“They took all the trees, put ’em in a tree museum”

June 29, 2012


“They took all the trees, put ‘em in a tree museum
And they charged the people a dollar and a half just to see ‘em”
(Joni Mitchell, Big Yellow Taxi)

I first visited the National Bonsai and Penjing Museum in Washington, D.C., which is located within the United States National Arboretum, long before I started this blog and then again in 2005 when I took these photos. Surrounded by miniature trees displayed on pedestals and all neatly labeled, you can’t help but be reminded of Joni Mitchell’s famous lyrics. For those of you new to the world of miniature trees, bonsai is the Japanese art of growing miniature trees in containers, and Penjing is its Chinese precursor.

The collection began when the Nippon Bonsai Association donated 53 bonsai to commemorate the US Bicentennial in 1976, and has since grown to around 150 plants housed in three pavilions – Chinese, Japanese and North American. A fourth pavilion, the International Pavilion,  presents the related art forms of viewing stones (there were 6 viewing stones included in the original donation) and ikebana, the Japanese art of flower arranging. There is also a stroll garden, a tropical conservatory and a special exhibits wing.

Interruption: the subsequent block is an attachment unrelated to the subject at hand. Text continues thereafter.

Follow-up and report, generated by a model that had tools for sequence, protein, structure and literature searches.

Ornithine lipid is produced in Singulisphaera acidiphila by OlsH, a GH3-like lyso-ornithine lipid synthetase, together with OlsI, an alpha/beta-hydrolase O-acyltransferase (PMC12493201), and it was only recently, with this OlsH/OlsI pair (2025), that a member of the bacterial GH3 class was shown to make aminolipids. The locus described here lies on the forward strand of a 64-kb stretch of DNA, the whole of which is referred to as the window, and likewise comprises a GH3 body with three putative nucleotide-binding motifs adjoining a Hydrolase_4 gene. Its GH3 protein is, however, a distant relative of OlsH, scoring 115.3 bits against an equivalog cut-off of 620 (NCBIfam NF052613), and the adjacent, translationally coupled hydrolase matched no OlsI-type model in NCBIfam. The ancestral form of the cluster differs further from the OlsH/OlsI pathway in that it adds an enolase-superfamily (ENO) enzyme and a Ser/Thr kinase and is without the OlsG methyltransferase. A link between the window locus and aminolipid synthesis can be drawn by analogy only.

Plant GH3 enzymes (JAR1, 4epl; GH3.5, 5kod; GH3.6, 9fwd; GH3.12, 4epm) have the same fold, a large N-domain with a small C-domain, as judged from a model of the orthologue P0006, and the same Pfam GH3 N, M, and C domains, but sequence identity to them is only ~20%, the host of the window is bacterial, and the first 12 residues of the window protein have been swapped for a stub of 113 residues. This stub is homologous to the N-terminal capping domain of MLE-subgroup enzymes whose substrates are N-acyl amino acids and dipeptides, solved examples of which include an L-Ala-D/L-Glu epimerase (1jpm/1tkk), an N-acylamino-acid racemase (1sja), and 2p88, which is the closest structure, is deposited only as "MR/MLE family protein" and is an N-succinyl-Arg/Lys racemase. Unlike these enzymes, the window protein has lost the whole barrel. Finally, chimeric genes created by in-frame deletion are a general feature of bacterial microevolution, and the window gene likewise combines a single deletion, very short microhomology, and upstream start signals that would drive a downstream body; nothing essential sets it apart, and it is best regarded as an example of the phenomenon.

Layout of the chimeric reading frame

The Arboretum is open year round, except on Christmas Day, but the museum is also closed on further public holidays, which are all listed on their website, so it’s best to check before planning a visit. Unlike Joni Mitchell’s tree museum, admission here is free, and at just over 2 miles from the Capitol it’s a nice way to get out of the city centre – especially at the height of summer when it’s oppressively hot – without having to plan a huge day trip. The Arboretum’s website also offers a virtual tour of the museum.


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